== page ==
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OKLAHOMA CITY – With less than two weeks until a potential teacher walkout, a group of educators is releasing its own plan to fund teacher pay raises.

The Oklahoma Education Association is seeking a $10,000 pay raise for Oklahoma teachers over three years, a $5,000 pay raise for support professionals over three years, a cost-of-living adjustment for retirees, and the restoration of funding for education and core government services.

OEA announced that it is tentatively planning a teacher walkout for April 2 if legislators don’t pass a measure to increase teacher and staff pay.

“The last thing educators want to do is walk out of school on April 2. But believe me, that is exactly what will happen if they don’t see a substantial and adequate pay increase,” said Oklahoma City American Federation of Teachers President Ed Allen. “Teachers have been leaving the school district on a regular basis because of the miserable salaries. There was a 25 percent turnover in Oklahoma City in 2017 and it’s mostly because of the low wages. We need to keep and attract great teachers and a good start is to pay them a livable wage.”

After several bills to fund pay raises have failed to receive enough votes in both chambers, the OEA released its own plan to fund the raises.

“When we announced the possibility of closing schools earlier this month we intentionally left out a specific plan because we thought the legislators knew where to find money to properly fund our schools,” said OEA Executive Director David DuVall. “While we appreciate the efforts to find some answers, they have all fallen woefully short.”

The OEA, the Oklahoma City American Federation of Teachers and the Oklahoma Public Employees Association outlined a number of recurring revenue measures on Friday.

OEA’s suggestions are as follows:

  • $158.7 million through a 5% Gross Production Tax
  • $222.9 million in tobacco taxes
  • $149.1 million in motor fuel taxes
  • $177 million in income tax reform, restoration of the Earned Income Tax Credit and elimination of the Capital Gains Deduction.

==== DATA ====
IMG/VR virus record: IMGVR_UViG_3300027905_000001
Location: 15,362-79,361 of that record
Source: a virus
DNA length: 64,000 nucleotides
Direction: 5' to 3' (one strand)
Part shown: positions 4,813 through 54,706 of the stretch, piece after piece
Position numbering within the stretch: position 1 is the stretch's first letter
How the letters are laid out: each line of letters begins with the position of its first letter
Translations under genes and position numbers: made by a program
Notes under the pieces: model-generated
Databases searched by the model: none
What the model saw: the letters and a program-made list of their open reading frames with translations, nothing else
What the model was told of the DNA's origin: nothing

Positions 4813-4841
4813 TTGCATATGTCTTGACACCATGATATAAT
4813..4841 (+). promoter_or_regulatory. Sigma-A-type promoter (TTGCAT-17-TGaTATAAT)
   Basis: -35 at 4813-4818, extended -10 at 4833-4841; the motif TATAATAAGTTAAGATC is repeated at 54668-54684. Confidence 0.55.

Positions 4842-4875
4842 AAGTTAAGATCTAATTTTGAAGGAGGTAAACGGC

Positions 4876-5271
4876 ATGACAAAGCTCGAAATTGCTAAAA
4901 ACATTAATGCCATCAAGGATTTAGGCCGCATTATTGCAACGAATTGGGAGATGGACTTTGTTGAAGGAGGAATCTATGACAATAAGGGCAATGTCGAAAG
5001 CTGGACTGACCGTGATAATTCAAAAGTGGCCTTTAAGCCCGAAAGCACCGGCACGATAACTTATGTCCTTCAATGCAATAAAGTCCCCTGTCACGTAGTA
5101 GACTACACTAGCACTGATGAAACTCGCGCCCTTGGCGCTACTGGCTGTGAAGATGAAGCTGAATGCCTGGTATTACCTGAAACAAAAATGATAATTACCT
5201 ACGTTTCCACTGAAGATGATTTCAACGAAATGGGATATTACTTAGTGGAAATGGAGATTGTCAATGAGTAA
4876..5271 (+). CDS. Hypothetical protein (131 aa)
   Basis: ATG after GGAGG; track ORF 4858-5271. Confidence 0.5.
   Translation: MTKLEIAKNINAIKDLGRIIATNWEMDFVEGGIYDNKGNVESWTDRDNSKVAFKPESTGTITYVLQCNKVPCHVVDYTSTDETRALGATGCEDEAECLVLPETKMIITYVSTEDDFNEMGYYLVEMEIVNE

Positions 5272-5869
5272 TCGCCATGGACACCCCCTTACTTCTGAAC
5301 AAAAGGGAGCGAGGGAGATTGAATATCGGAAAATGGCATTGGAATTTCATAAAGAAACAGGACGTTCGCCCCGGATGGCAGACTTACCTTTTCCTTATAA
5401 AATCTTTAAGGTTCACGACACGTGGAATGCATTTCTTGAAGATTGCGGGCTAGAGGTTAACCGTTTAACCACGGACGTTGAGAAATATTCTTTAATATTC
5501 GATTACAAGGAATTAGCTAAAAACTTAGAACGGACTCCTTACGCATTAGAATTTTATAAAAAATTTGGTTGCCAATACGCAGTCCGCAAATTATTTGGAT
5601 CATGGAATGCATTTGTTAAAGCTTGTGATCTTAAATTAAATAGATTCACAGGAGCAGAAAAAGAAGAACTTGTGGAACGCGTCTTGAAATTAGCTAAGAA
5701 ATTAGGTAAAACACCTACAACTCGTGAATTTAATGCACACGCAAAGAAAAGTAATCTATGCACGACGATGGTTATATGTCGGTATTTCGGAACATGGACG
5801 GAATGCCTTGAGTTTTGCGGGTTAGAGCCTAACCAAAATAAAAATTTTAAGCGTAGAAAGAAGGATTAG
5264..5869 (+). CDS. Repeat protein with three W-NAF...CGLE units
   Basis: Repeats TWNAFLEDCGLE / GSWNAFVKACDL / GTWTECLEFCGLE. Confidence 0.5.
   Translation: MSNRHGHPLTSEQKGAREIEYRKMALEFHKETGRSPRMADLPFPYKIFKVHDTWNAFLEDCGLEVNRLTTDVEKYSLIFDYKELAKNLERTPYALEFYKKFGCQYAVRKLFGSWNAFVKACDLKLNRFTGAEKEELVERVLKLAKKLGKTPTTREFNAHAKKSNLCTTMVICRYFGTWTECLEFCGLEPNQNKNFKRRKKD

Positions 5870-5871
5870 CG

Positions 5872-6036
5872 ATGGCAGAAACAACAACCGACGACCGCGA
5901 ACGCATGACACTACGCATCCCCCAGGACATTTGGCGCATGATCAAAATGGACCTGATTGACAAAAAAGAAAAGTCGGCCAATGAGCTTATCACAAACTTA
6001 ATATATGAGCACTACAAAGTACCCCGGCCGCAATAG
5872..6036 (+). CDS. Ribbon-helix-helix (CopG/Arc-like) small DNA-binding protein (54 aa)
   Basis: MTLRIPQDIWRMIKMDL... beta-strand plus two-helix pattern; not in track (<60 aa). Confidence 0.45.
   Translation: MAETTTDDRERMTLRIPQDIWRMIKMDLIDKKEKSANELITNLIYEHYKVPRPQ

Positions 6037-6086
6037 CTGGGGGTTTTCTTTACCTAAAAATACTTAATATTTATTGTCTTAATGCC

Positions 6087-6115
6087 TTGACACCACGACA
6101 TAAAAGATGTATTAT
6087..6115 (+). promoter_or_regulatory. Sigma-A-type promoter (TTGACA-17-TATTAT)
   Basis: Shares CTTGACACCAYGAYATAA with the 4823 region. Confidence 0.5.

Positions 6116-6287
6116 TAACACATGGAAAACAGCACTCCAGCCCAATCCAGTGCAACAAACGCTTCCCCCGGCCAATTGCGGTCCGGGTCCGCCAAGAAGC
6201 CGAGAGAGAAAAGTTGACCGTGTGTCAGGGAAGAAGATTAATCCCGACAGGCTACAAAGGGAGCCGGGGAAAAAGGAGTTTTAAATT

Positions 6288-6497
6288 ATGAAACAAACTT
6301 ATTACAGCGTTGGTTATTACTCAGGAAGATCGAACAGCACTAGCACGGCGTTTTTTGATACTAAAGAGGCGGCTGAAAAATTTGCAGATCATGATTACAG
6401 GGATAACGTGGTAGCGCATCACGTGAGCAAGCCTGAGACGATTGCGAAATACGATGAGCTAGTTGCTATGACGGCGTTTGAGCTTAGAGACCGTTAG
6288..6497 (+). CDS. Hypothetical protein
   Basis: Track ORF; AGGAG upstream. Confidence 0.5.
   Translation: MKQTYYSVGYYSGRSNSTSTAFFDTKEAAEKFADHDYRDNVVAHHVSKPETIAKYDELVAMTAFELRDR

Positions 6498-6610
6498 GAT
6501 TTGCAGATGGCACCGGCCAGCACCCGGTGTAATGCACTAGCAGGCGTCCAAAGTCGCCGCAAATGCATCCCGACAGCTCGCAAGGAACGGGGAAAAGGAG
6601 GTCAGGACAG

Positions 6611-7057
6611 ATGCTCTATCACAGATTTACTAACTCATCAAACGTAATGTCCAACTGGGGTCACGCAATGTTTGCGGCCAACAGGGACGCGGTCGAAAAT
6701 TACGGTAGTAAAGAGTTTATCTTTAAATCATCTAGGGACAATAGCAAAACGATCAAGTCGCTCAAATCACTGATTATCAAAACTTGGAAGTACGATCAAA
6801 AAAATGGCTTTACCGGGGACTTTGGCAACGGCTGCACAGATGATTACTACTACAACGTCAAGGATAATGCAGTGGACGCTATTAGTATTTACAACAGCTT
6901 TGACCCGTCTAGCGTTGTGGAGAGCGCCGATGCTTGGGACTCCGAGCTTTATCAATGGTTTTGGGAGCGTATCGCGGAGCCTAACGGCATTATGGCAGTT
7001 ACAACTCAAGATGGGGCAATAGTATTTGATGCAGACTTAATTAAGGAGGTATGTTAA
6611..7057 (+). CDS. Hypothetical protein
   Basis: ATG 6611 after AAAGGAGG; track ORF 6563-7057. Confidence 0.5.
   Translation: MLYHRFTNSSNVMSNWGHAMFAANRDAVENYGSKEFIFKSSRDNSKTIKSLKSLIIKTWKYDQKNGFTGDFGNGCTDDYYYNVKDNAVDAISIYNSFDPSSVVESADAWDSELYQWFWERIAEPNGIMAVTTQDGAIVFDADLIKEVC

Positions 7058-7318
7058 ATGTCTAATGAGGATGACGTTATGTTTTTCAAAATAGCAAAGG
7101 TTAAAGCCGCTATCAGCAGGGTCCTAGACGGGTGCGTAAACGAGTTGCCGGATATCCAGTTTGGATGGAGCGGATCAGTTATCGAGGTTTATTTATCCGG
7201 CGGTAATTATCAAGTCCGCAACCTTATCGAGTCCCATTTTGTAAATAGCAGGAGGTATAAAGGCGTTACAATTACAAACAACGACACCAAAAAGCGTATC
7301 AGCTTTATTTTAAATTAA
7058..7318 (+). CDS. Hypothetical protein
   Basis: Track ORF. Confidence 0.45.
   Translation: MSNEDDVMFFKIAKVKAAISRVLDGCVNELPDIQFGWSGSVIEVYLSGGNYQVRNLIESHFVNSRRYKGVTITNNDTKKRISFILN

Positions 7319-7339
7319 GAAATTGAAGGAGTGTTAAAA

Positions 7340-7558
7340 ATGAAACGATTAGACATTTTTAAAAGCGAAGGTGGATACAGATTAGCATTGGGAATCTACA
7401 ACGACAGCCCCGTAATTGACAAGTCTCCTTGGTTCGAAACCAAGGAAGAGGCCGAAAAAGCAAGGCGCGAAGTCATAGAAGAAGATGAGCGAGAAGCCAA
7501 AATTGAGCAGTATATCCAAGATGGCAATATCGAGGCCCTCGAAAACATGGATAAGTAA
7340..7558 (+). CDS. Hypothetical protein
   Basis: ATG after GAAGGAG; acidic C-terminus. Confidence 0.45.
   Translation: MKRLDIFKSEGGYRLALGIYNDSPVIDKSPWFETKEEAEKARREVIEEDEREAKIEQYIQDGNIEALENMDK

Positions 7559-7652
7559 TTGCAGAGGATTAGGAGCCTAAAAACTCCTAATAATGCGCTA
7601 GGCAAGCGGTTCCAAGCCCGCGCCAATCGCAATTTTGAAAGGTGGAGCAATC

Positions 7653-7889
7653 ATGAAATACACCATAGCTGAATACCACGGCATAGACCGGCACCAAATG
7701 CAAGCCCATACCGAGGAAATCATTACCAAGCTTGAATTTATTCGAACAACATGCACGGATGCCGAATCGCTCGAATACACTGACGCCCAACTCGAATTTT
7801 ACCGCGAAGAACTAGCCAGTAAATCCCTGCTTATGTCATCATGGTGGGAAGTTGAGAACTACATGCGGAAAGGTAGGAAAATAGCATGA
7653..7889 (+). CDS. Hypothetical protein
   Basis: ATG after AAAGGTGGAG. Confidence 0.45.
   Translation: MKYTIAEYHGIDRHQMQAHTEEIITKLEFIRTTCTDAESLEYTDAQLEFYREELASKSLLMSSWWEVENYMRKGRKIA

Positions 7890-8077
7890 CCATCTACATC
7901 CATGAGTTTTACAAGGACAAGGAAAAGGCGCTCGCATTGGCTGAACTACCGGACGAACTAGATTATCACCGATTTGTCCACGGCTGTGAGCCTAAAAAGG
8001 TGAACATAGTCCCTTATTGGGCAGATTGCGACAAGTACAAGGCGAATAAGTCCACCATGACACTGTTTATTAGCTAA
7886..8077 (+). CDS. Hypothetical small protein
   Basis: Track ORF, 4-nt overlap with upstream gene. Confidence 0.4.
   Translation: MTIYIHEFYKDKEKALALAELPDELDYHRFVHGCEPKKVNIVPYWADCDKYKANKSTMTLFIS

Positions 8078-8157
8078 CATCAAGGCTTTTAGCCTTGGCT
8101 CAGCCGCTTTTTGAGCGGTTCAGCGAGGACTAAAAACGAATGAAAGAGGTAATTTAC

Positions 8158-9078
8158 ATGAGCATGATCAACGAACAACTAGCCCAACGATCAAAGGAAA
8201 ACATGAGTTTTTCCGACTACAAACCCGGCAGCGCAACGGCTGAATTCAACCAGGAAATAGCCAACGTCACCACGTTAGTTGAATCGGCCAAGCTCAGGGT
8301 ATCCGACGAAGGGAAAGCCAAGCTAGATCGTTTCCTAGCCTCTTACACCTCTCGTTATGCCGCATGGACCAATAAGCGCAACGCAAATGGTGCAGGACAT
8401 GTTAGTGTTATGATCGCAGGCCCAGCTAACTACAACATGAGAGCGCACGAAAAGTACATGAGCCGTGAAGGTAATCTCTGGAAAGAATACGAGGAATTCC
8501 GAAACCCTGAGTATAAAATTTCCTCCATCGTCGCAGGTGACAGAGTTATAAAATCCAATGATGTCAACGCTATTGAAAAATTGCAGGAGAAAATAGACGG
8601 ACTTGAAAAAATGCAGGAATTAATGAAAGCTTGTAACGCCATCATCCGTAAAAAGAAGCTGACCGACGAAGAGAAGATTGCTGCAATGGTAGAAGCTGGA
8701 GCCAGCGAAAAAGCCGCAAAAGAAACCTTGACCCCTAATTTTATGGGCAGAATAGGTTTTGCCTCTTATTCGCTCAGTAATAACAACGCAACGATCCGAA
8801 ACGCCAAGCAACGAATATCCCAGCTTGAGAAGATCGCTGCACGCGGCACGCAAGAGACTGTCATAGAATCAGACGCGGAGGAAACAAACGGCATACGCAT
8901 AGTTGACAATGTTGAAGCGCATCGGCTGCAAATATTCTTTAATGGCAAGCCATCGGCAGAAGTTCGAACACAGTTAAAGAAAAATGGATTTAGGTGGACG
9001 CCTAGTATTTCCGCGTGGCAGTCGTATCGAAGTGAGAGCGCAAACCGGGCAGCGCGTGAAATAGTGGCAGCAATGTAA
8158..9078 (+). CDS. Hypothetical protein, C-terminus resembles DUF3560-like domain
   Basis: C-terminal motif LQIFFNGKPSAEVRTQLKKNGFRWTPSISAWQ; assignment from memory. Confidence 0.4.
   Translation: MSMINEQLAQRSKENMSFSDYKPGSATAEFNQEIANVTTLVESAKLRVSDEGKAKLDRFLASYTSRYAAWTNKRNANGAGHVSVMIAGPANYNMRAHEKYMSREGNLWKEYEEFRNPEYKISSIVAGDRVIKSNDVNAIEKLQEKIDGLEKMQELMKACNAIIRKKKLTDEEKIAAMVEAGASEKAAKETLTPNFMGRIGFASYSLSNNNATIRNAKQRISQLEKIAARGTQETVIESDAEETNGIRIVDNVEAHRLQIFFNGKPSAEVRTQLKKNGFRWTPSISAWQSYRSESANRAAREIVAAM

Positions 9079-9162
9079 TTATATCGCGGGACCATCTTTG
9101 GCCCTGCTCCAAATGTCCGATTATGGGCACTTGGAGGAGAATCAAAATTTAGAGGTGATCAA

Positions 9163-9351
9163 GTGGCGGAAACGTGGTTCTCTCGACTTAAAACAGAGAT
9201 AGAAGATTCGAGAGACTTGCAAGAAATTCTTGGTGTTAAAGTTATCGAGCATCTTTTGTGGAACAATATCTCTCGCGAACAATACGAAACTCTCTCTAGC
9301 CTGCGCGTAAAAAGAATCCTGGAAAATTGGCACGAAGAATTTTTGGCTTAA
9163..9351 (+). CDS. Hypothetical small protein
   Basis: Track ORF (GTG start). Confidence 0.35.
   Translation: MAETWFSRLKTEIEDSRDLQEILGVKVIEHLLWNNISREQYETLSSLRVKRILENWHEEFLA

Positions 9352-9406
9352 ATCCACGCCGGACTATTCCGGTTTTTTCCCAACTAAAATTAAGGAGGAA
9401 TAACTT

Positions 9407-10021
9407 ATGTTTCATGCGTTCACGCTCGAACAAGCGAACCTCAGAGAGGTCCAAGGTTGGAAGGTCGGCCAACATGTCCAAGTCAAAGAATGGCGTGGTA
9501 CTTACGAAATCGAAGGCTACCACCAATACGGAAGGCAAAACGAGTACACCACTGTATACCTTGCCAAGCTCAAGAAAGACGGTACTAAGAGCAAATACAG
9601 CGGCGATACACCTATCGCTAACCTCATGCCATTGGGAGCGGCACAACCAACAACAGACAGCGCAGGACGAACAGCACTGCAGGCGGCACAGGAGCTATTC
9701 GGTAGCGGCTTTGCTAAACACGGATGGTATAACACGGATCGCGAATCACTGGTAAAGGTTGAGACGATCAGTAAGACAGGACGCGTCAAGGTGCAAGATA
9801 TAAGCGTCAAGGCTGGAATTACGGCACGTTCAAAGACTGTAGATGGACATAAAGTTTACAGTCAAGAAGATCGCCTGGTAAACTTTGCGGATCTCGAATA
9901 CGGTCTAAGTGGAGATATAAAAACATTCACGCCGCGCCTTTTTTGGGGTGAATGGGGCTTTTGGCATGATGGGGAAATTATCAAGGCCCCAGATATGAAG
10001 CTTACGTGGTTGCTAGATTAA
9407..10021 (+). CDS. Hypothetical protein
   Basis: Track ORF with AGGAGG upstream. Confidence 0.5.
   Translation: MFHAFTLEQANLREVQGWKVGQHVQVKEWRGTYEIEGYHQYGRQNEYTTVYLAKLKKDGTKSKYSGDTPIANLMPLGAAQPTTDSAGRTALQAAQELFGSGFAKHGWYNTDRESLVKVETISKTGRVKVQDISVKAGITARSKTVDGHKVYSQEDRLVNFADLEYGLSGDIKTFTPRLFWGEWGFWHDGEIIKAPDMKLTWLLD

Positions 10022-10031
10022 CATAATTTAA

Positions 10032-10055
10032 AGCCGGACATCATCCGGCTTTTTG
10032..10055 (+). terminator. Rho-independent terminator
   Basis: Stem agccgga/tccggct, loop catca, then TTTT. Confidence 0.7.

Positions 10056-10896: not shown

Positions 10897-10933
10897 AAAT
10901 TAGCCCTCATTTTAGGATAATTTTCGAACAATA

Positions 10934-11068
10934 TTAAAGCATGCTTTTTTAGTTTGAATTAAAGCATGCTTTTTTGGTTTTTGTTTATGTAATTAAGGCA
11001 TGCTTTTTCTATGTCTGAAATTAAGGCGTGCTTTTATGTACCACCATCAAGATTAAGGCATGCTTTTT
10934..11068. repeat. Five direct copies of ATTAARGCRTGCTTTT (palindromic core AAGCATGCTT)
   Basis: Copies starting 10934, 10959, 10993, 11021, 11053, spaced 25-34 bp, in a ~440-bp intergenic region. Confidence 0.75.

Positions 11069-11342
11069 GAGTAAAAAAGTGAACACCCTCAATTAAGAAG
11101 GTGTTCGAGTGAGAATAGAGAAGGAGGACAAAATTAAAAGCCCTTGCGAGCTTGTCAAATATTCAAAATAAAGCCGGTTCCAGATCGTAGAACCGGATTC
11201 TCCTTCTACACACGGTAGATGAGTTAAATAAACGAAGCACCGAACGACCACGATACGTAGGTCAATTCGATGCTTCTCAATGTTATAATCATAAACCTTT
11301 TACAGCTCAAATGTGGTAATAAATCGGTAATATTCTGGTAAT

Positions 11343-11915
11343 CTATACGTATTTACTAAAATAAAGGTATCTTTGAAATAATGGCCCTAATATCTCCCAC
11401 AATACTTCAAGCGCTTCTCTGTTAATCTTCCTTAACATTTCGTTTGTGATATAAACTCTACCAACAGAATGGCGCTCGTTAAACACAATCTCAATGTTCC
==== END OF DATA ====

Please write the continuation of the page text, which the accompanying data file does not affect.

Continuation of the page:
The organization says other revenue sources could include a tax on alcohol, car tags, ball and dice games at casinos, a hotel/motel tax, sales tax reform and a tax on wind generation.

In a news release, the group claims the measure would result in enough funding to pay for an immediate $6,000 teacher pay raise, a $2,500 raise for education support staff next year, general revenue for schools to reduce class sizes and purchase classroom materials, raise for state employees and money to fund health care services that have been cut in recent months.

“Our students are the real victims of the legislature’s failure to properly fund education and our state core government services,” OEA President Alicia Priest said. “Our class sizes have ballooned to impossible numbers. Our schools can’t buy text books for every child. We’ve dropped not only fine arts and foreign language courses, we’ve also dropped advanced placement classes.”

Priest says the association will move forward with a teacher walkout if the legislature does not fund education by April 1.

“The legislature has the ability to keep us in the classroom on April 2,” she said. “There is time in the next week to pass these measures and invest in our children.”

However, not everyone is on board with the plan.

The Oklahoma Council of Public Affairs argues that OEA’s plan “leads to a dead end.”

“OEA’s plan does not even balance, and it hits vulnerable, low-income and middle-income working Oklahoma families and small business owners while letting big wind corporations and tribes selling tobacco keep cash subsidies they don’t need. It does all this while state revenues are up, coming in above projections, resulting in a surplus for the state. Some of the proposed tax increases – particularly the income tax hikes – would damage our state’s competitiveness for years to come. Others would fail to bring in the predicted revenues, guaranteeing future budget shortfalls. And taxpayers will notice that there is nothing in the plan about better using existing funds. Anyone serious about giving teachers a raise is looking first at money the state and local districts already have, whether it is at the Commissioners of the Land Office, in the Building Fund, or being wasted in giveaways to filmmakers or TSET pet projects.,” OCPA President Johnathan Small said.

Small argues that OCPA’s plan would raise revenue “without doing long-term damage to our state’s economy.”